Such circumstances may create self-interest, familiarity and intimidation threats particularly when significant connections remain between the individual and his or her former firm. Similarly, a member of the assurance team's independence may be threatened when an individual participates in the assurance engagement knowing, or having reason to believe, that he or she is to, or may, join the assurance client some time in the future.
102. If a member of the assurance team, partner or former partner of the firm has joined the assurance client, the significance of the self-interest, familiarity or intimidation threats created will depend upon the following factors:
(a) the position the individual has taken at the assurance client;
(b) the amount of any involvement the individual will have with
the assurance team;
(c) the length of time that has passed since the individual was a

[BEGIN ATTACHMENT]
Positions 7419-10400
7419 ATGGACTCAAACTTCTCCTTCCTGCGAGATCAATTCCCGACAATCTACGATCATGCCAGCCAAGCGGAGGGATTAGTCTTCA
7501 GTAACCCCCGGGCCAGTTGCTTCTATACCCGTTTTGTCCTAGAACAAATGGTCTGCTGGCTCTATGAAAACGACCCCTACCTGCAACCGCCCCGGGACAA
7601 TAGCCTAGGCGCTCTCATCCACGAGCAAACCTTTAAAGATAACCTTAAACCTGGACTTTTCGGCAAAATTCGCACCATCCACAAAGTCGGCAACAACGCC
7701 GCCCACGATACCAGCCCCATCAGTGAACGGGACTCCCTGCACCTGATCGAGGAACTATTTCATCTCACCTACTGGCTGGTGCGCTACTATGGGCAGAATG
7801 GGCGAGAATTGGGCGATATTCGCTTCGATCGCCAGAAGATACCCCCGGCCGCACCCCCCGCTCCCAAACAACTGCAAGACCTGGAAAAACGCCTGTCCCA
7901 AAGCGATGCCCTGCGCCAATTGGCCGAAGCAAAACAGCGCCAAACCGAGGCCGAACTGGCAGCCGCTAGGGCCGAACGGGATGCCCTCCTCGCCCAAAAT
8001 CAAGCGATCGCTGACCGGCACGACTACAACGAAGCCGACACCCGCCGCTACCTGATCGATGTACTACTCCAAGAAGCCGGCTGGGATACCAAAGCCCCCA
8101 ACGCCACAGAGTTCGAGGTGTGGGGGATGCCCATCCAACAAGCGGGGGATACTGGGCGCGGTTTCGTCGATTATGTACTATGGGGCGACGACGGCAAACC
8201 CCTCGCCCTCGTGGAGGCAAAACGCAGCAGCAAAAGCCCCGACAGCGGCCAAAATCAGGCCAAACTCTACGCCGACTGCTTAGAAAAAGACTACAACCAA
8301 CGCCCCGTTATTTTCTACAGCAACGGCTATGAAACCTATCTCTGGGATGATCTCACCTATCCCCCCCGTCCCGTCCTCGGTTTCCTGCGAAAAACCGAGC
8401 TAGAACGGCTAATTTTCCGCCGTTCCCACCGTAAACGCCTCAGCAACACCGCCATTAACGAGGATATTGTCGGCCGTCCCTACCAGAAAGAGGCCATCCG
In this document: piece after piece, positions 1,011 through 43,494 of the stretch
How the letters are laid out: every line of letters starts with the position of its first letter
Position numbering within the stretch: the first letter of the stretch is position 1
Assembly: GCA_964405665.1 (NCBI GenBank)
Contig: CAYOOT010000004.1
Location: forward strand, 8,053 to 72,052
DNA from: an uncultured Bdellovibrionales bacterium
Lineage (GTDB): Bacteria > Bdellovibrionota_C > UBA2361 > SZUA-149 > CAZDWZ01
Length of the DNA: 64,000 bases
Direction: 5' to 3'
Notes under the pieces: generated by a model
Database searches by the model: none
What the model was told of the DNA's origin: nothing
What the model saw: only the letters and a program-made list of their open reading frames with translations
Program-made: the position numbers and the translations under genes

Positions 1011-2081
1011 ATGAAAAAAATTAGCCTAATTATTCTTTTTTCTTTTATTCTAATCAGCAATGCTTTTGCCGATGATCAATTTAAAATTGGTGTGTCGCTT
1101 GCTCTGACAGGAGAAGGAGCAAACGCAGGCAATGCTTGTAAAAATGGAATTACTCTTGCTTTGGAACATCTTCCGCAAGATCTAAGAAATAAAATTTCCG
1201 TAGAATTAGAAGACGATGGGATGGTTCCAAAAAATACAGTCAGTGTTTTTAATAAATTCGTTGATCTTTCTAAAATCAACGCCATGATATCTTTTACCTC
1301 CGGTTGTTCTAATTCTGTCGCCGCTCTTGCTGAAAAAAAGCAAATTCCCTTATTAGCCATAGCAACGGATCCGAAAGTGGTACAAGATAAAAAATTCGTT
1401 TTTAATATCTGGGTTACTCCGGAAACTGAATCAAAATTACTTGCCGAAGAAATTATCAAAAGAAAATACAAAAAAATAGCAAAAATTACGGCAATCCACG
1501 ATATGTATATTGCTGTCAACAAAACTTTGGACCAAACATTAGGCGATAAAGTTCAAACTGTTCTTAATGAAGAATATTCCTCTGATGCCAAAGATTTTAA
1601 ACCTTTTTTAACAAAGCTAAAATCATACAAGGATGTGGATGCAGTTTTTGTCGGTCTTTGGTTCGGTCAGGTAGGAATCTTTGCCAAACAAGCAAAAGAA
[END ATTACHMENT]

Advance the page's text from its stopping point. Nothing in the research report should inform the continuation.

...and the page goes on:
member of the assurance team or firm; and
(d) the former position of the individual within the assurance
team or firm.
The significance of the threat should be evaluated and, if the threat is other than clearly insignificant, safeguards should be considered and applied as necessary to reduce the threat to an acceptable level. Such safeguards might include:
(a) considering the appropriateness or necessity of modifying the
assurance plan for the assurance engagement;
(b) assigning an assurance team to the subsequent assurance
engagement that is of sufficient experience in relation to the
individual who has joined the assurance client;
(c) involving an additional professional accountant who was not a
member of the assurance team to review the work done or
otherwise advise as necessary; or
(d) quality control review of the assurance engagement.
In all cases all of the following safeguards are necessary to reduce the threat to an acceptable level:
(a) the individual concerned is not entitled to any benefits or
payments from the firm unless these are made in accordance
with fixed pre-determined arrangements. In addition, any
amount owed to the individual should not be of such